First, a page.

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Tormach Superfly Cutter On 1hp Machine?

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Groundhog

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#31
I just bought the inserts Tormach sells with the Superfly. As I said above, the inserts sold for aluminum work great. I haven't done much with mild steel (used flood coolant). Results were just OK, but I wasn't trying for anything special so my speeds and feeds were just guesses. I.m sure I could have improved the finish with better machine settings. Haven't done any other materials. Sorry, I'm in a rush so didn't look up the part numbers or specs on the Tormach inserts.
 

wildo

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#32
Correction- NCM325 is also appropriate for cast iron whereas NCM335 is not. Therefore I actually ordered the NCM325 grade.

Ok- so to recap, the CVD vs PVD would be for moderate temperature chemical vapor deposition vs physical vapor deposition, the former being apparently good for high toughness and surface roughness resistance, and the later being particularly good at high temperature resistance and high speed machining impact resistance. This make sense then than Tormach would have chosen the PVD vs CVD. Perhaps the CVD might be the better option for the home gamer with an older (slower spindle) machine. That means we probably want an insert grade starting with NC.

From there, unless you want a dedicated tool per material type, it seems to me that a universal tool for steel, stainless, and cast is more economical. Therefore we'll want a "5" after the NC. Note that Korloy also has an NCM (as opposed to NC5) type tool. Other than a textual description for the use case (interrupted cuts, etc) it doesn't seem to define the M in the "Indication of Work" column on their grade code. Never the less, NC5xxx or NCMxxx is probably on our radar.

From there, the machining type column. Now I'm sure there is documentation somewhere about this, but as best as I can gather- turning means the work is spinning and milling means the tool is spinning. Perhaps that affects the tool geometry, but I can't find data on this. Since Tormach chose a milling type tool, I can only guess we want a milling type as well. So now we have NC53xx or NCM3xx.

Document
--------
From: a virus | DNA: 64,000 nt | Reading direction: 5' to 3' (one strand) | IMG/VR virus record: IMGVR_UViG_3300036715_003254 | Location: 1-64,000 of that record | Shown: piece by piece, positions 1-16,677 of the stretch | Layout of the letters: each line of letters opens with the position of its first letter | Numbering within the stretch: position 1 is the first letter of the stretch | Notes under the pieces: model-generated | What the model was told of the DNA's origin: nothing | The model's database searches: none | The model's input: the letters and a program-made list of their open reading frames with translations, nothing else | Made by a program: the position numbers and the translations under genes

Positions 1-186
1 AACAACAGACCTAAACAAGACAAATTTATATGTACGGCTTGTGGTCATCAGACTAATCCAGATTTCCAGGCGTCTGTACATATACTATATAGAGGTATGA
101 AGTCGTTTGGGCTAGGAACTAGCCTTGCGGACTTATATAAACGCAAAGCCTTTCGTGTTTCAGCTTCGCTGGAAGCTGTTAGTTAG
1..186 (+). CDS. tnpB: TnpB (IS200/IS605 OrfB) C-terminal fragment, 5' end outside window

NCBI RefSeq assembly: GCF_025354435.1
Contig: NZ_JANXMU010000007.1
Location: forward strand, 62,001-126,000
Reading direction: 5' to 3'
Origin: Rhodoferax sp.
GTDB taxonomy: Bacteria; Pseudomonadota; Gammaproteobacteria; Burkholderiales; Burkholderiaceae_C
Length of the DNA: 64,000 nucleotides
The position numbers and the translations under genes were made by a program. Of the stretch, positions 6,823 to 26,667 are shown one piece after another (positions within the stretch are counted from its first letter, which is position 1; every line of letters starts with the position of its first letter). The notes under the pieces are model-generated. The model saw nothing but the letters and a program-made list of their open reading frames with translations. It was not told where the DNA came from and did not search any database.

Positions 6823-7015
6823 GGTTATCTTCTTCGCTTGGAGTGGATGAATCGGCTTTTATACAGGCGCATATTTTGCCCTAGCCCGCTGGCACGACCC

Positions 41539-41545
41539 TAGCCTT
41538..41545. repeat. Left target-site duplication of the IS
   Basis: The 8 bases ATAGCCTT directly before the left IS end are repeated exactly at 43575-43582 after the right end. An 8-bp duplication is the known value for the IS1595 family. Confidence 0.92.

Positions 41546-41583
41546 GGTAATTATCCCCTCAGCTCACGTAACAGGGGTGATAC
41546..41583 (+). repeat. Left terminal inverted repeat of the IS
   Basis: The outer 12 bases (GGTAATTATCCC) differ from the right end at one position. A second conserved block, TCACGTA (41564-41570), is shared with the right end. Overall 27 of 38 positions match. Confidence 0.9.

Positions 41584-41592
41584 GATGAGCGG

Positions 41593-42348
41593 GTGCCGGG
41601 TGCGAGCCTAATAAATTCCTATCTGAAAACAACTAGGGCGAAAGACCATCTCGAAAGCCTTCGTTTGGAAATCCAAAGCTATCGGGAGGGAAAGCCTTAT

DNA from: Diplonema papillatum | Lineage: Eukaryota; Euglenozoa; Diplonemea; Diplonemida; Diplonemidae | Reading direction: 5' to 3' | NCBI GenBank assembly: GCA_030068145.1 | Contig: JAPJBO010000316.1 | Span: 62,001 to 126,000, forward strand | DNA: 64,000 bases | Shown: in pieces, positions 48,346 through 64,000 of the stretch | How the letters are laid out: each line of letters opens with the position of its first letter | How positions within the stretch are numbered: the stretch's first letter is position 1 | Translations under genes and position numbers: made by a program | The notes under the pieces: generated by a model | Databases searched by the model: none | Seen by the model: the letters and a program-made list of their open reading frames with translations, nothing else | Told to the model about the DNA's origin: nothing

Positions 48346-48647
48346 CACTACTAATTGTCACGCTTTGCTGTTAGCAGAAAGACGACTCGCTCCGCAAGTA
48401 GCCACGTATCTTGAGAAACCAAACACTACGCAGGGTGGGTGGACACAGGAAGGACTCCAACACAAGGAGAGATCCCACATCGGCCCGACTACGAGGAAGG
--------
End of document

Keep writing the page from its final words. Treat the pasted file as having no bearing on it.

I guess the ISO grade column would depend on the application. The Korloy catalog defines the three insert options up to this point:


I'm guessing that any NC53xx or NCM3xx would be an excellent choice for most machining tasks in the hobby shop, though perhaps the NC5350 or NCM335 might be the best option since a flycutter would naturally see an interrupted cut pretty much constantly. On top of that, the categorization states that higher designation numbers are for slower speeds and heavier feeds.

(And score. There's plenty of NCM335 inserts on ebay.)
 

Doubleeboy

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#33
I have a super fly, I use Korloy inserts from China on ebay, 2 bucks and insert, same one Mikey uses, I calculated horse power use on a finishing cut, well under half horse, I get a darn near mirror finish in aluminum, using mist coolant, taking a cut of a few thou and feed of 5IPM, The key for me, maybe not others, is tilt your head out of tram just barely and cut so the back side of cutter arc does not touch work, only feed in one direction. Mist coolant helps blow the chips away so you don't drag a chip around scratching your just milled pretty surface. Like most everything branded Tormach its way over priced, but it is a very nice tool, just buy your inserts elsewhere.
 

cjtoombs

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#34
This is my opinion, so take it at that. I think the reason that Tormach developed the Superfly is that their mill (even the 1100, which I own) is very underpowered at low RPMs. This is due to the properties of the VFD speed control. This is also true of most any variable speed control that changes the motor speed, not the belt ratio. The problem is that if you are cutting steel at a 3" diameter with a HSS tool, you are in a speed range where the Tormach has very little power, and it just doesn't work. They needed a fly cutter with carbide tooling to get the surface speed, and thus the RPM range, up to where their mill has enough power to run it. I believe they also engineered it specifically to have low cutting forces by using heavily raked inserts for the same reason. So low horsepower mills, especially ones that have variable speed and give their power ratings in watts (these are usually input watts, not output horsepower, which depending on RPM will be less than half the direct conversion of wattage to hp) should benefit from the Superfly by allowing you to cut steel (especially harder steels) at the proper cutting speeds. It is less a problem on aluminum, since you can cut it at much higher surface speeds. I have the Superfly and use it on both steel and aluminum, and I like it. I bought my inserts from Ebay for a fraction of what Tormach charges.
 
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